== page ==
Link http://www.times.co.sz/News/1771.html


Times Sunday

28 September 2008

Liqoqo completes its rigorous process of nominations


MBABANE—The King’s Advisory Council, Liqoqo, has completed the process of nominating people to be appointed by the king to the House of Assembly.

Each member of the team of 12 powerful main advisors was requested to submit names of five people who have distinguished themselves in the service of the country.

From the names submitted by the committee, the King is expected to choose 10 men and women who will be announced as appointed members of the lower house.

"We were advised to consider all sectors of government and the private sector. Therefore in the nomination, each advisor considered people from the various emabandla, the civil service, those in Foreign Service, the private sector," said a senior advisor of the King, who wields a lot of influence in the country’s traditional structures.


"The reason for this kind of nomination is that a lot of people have been appointed into parliament and Cabinet in the past, and they tended to embarrass the appointing authority. The process is now rigorously done to minimise the possibility of the appointment of incompetent people," said the advisor.

He said at the end of the nomination exercise, the King was expected to be in the possession of 60 names. From that list, 10 names are to be announced by the Elections and Boundaries Commission.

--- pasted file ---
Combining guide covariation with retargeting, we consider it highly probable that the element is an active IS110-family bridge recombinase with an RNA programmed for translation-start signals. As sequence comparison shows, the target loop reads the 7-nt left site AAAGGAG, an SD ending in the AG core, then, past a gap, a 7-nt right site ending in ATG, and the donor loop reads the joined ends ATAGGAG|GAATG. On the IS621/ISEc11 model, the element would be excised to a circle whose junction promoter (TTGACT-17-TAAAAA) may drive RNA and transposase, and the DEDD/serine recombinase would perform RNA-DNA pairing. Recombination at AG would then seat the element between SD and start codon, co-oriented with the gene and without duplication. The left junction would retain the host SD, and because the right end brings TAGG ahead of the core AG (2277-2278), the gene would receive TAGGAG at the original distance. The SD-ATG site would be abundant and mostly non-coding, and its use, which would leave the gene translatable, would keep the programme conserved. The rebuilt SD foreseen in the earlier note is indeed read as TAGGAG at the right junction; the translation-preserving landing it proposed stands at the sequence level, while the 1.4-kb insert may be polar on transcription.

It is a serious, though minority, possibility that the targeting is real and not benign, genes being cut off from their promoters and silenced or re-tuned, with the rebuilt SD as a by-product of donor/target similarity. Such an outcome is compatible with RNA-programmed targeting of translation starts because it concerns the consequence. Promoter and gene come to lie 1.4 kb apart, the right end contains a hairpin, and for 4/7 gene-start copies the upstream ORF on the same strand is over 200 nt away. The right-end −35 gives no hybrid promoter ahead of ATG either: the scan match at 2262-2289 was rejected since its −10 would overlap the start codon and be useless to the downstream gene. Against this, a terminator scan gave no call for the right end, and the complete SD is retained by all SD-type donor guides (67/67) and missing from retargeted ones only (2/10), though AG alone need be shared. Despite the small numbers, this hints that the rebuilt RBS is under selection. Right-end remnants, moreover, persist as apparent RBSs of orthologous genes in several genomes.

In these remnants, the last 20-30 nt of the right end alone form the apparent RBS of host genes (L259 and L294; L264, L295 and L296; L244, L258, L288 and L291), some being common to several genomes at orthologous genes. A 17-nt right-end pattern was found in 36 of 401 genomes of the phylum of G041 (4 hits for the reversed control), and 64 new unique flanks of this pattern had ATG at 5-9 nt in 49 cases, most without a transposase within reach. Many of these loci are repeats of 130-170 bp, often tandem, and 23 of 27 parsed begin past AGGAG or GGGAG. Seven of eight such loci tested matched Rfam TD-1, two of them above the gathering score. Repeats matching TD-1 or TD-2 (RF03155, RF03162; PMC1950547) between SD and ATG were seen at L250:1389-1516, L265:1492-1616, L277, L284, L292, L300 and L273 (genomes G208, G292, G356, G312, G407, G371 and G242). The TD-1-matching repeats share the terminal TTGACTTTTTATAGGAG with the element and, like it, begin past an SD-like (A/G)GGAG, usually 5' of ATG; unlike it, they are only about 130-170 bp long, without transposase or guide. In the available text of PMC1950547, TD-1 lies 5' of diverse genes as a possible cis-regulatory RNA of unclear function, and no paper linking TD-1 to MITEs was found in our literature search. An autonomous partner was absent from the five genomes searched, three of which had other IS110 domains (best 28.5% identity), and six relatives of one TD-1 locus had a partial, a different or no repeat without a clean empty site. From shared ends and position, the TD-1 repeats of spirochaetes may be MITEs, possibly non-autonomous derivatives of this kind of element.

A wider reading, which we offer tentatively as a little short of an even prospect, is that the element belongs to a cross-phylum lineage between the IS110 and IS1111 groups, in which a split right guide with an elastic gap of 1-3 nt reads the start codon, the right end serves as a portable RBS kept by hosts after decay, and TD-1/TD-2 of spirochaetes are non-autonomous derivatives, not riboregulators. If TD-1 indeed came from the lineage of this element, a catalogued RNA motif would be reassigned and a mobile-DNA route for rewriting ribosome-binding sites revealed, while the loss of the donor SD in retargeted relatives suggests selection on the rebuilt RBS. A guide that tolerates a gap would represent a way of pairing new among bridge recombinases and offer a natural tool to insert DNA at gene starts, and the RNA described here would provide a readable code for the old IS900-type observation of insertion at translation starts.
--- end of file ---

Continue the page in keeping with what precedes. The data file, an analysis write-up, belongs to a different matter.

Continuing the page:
"Previously, each advisor had the chance to suggest a name by word of mouth. But the process proved to be cumbersome and a source of conflict, as some advisors would openly oppose the names of certain individuals.

"Therefore, this time around, each member was required to write the names on a piece of paper. We did that and the Ingwenyama will compile the final list, taking into consideration the names submitted," added the source.

Whether the King has already given the list to the EBC could not be ascertained.

Liqoqo Secretary Bheka Mabuza could not be drawn for comment on the nomination. He could only say: "Officially, I am unaware of that."

However, another SNC member also confirmed that names of nominees were submitted by members to the appointing authority. He said they have yet to nominate people to take up Senate seats.